When my mother was about to celebrate her 50th wedding anniversary to my dad, I was forty-three and had just given birth to our son, our third child. I was having trouble getting back my energy and the earthquake had forced us out of our home. My mother took me aside and said, “The first thirty years of our marriage were more difficult as there was so much more stress and we had financial difficulties when your dad lost his job. Yet we kept our commitment and kept loving each other throughout all of the challenges. All of the hardships were really a gift to the relationship allowing us to grow stronger in our love. These last twenty years have been the golden years in which all we have to do is to concentrate on loving each other.” My parents were blessed with ten additional years, and my dad passed from this world two months after their 60th anniversary. My dad had totally lost his hearing, and yet somehow my mother was the only one that he could “hear” and understand. The love and devotion that my parents shared was truly inspiring to all who met them.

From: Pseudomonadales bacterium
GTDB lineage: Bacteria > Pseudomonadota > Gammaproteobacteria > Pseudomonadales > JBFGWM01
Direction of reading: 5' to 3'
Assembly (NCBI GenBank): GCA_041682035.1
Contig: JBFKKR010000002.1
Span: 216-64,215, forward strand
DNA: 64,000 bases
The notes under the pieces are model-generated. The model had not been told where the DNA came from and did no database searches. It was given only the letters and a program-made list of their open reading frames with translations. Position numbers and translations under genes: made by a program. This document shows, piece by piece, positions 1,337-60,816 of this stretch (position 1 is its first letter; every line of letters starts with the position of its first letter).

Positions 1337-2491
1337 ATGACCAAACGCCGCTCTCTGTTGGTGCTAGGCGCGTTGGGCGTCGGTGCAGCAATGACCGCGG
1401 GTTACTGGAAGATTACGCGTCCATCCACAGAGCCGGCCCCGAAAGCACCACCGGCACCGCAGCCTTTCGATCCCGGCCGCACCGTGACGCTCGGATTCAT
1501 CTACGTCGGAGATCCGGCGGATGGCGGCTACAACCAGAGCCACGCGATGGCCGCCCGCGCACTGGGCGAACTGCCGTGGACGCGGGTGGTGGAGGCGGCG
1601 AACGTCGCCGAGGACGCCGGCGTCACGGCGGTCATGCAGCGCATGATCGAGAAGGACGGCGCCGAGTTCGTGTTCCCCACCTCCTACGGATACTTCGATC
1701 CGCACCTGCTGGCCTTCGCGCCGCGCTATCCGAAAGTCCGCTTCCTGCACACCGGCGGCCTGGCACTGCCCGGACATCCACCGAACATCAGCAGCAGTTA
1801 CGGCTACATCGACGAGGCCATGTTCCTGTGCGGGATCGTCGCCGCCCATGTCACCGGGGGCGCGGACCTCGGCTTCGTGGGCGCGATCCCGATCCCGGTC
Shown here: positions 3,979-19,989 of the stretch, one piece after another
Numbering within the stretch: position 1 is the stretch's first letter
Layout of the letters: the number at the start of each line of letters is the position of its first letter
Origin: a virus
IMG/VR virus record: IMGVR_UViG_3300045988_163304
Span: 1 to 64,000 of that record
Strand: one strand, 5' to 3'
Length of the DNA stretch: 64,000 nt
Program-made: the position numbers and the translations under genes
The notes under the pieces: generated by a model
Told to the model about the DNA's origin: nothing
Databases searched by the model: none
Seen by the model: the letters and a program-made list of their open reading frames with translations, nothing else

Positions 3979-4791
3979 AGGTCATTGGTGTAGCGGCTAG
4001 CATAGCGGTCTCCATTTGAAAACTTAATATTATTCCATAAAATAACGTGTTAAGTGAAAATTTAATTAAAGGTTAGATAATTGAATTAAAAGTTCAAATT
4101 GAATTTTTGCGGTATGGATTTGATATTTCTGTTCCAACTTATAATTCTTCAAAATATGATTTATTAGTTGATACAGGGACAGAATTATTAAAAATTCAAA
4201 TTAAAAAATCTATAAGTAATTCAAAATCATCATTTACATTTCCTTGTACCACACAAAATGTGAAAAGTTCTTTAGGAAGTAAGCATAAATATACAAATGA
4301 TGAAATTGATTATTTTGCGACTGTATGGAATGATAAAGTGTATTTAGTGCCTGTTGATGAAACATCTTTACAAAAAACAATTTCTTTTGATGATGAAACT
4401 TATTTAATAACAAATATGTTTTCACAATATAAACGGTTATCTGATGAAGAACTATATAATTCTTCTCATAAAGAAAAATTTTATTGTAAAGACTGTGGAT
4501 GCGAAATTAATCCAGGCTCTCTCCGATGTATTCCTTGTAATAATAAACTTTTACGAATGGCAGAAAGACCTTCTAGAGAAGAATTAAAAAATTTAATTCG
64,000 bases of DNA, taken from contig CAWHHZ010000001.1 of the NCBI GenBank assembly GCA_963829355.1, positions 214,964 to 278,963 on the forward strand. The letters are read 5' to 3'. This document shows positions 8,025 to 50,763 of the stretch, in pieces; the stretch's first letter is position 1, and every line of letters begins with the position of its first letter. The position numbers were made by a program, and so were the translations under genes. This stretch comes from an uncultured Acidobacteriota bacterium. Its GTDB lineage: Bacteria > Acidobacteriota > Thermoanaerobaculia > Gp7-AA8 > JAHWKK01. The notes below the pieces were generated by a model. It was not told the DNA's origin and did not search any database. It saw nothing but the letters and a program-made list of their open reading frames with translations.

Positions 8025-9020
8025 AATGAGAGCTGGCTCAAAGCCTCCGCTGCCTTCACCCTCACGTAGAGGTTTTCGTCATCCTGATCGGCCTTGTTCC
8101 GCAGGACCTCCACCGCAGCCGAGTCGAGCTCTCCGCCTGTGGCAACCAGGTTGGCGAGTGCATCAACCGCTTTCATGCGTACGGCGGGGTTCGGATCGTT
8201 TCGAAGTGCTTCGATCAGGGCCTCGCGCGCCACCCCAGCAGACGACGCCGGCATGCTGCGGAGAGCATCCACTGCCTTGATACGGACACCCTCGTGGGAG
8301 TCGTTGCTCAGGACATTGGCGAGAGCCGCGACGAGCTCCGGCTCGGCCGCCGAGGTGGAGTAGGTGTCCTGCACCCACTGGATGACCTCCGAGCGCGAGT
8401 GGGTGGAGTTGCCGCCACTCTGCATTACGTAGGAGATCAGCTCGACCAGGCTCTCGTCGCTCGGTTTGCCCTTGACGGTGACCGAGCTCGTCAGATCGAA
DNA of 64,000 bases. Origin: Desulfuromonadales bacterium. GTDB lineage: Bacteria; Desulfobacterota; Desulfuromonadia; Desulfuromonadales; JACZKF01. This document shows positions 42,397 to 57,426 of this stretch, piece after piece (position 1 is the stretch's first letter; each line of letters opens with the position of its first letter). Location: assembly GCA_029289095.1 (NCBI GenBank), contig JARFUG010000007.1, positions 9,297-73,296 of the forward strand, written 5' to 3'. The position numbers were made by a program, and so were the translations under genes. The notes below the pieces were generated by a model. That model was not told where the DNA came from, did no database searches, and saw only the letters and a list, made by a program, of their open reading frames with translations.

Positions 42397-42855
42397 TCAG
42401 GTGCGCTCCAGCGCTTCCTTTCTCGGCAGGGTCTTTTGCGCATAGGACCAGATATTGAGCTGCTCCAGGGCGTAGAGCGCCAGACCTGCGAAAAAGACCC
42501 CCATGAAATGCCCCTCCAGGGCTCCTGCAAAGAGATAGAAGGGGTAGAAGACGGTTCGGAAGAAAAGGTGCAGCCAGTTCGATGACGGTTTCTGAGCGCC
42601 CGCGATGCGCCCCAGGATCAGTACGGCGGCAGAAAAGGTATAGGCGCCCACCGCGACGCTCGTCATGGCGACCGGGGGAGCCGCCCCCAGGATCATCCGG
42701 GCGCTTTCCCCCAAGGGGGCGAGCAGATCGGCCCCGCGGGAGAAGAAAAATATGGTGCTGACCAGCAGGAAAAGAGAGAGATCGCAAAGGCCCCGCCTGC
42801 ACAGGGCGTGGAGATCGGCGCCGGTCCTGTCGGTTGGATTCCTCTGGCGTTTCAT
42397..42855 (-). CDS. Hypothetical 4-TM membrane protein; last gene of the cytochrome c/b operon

Barry and I are in our golden years of our relationship. We still have certain issues that we continue to work on, but for the most part there is such a feeling of love and gratitude to be together. We both feel such an appreciation for how deeply we each committed to the relationship and the willingness to walk through the harder times together. A long love is truly special and well worth all the effort.
~Joyce & Barry Vissell, a nurse/therapist and psychiatrist couple since 1964, are counselors near Santa Cruz, CA, who are widely regarded as among the world’s top experts on conscious relationship and personal growth. They are the authors of eight books, including two new books, To Really Love a Woman and To Really Love a Man.
©Excellence Reporter 2019